The more you’re getting taught, the less you see reality.
Wim Kamphuis, 1939. Google him and you will find approximately two pictures and the same amount of articles. Not much going on, you might think. But the opposite is the truth. Born during WWII while being friends with some of the Netherlands’ most famous artist, Wim grew up to be a first class artist himself. But not only that. Due to his interests for artifacts from countries as Nepal, Tibet and China, he made himself a museum in his three-room-apartment. This is a portrait of one of Holland’s most interesting collectors that nobody knows about.
“I always wanted to collect art and artifacts, but I never had the money.” Wim explains while drinking his coffee. It’s two PM and the afternoon sun shines directly into his crammed living room, lighting up some glimmering skulls that are hidden behind human bones and Tibetan prayer-flags.”
While talking, Wim can’t stop observing his collection. But his own artwork is nowhere to be found.
“That is actually an even bigger challenge. To get the colors as bright as possible. The clarity in for instance the colors you see on the television screen are always brighter than colors in paint. Paint is matter. It’s hard to reach a similar amount of brightness in paintings.” In the meanwhile, Wim switched from coffee to wine. He emptied the bottle with the words: ‘like it should be; clear.’
He also writes poetry together with his paintings.
(tools van transformatie)
is een krachtig ritueel
er is altijd gekleurd
(translation to English)
(tools of transformation)
is a powerful ritual
there is always colored
This translation is not helpful, as the poem only works in Dutch. Wim doesn’t understand English that well, so if he needs to read something in English, he puts the text in a translating machine. Translating machines obviously never get things right, and Wim sees this as poetry. And who could deny that.
“I started art school. I stayed there for exactly three months before I got kicked off because of my lack of preparatory course. So I’m a self-thought artist and collector. My wife died in 2007. I couldn’t afford our house on my own anymore so I had to move. When the house was sold, I finally had money to create a collection of my own. But I didn’t know a single thing about it! I learned everything I know now in about six years. It wasn’t a lifelong study.”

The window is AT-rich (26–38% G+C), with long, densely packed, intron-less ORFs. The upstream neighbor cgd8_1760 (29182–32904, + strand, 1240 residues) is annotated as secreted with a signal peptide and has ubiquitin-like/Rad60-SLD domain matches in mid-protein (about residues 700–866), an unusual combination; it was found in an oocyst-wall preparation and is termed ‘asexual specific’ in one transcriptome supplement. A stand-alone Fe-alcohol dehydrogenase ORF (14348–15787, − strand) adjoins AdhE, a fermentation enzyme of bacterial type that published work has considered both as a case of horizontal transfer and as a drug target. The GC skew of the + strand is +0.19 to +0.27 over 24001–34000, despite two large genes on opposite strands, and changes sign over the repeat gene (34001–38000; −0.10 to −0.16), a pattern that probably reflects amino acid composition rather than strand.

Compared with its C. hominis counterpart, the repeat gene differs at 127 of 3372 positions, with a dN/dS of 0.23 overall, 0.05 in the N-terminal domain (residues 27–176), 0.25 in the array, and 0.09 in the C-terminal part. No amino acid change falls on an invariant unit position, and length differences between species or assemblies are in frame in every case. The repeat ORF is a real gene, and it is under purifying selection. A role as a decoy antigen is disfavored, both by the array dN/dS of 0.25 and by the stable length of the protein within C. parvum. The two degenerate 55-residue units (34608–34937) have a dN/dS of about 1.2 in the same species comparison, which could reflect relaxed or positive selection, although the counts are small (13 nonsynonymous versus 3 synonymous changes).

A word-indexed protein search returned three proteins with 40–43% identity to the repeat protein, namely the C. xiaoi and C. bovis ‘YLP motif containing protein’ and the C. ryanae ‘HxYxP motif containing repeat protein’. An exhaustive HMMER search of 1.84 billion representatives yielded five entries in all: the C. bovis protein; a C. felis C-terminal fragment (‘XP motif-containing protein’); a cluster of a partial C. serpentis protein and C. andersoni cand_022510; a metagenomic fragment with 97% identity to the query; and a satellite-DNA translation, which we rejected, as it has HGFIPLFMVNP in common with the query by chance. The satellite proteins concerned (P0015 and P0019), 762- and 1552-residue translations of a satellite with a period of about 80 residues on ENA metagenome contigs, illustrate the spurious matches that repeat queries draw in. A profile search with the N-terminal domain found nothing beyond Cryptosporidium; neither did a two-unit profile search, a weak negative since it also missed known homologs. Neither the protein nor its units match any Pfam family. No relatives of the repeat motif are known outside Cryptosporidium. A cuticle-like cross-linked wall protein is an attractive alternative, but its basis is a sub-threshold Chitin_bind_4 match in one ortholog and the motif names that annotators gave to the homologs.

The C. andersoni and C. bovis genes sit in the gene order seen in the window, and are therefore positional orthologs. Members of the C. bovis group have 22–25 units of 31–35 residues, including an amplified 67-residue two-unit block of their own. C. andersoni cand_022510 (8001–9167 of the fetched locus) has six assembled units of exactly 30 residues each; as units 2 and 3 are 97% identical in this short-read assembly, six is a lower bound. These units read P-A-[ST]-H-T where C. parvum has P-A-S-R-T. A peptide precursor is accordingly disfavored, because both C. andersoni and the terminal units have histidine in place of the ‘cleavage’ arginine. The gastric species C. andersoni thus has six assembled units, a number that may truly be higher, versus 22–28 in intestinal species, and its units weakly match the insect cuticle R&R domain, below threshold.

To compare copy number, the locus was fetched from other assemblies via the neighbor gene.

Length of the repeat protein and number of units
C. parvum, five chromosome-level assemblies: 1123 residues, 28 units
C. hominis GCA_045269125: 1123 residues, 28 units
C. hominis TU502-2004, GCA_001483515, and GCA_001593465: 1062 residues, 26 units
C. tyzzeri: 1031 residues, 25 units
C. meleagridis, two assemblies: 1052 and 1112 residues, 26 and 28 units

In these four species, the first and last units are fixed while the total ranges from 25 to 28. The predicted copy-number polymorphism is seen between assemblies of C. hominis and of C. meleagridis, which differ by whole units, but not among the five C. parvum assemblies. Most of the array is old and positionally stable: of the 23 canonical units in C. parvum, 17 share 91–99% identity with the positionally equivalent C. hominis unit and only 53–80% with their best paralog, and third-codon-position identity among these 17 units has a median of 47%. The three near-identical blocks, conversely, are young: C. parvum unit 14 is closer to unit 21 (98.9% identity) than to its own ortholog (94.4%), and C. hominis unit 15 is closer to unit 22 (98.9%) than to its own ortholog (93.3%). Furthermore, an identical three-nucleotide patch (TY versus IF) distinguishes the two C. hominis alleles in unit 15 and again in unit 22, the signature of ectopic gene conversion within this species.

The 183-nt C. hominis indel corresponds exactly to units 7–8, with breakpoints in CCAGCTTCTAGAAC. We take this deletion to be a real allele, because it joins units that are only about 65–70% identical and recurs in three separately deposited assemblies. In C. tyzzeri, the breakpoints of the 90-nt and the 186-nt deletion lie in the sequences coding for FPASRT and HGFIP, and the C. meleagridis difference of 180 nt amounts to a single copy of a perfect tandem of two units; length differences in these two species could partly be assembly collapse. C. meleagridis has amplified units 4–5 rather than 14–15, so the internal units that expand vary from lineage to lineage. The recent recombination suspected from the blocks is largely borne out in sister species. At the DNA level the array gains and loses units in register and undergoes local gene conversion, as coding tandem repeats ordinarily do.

“I never go somewhere to search for things. I just find, because I know where to be. I visit a lot of galleries hoping to come across something. Sometimes I do, sometimes I don’t. The funny thing is that I now have a lot of contacts that call me as soon as new paraphernalia arrives. And they give discounts!”
He stands up and frisks through his living room, coming back with a tiny white statuette.
“It’s all about the beauty, the esthetics. Nobody knows who made it, it has no name. That’s beautiful. There’s not a single person in today’s art school who can make something like this. Marcel Duchamp for example had quality. Other people don’t. I’m getting old, and there is so many youth walking around these days thinking they are artists. I talk to them, disagreeing with their opinions, but they can’t handle that. Or understand it at all. But I think art in general is really unsightly. Unfortunately, it doesn’t have to be like that. People should try a little harder. Learn the techniques, for example. Learn to get your own opinion. If you add something truly new, you might even get an artwork. Be authentic! Why shouldn’t be able to say those things? But people can’t handle that. For god’s sake, I’m in a fight right now!”
KAMPH is currently working on a film project about his home.
Niels F. Rodenburg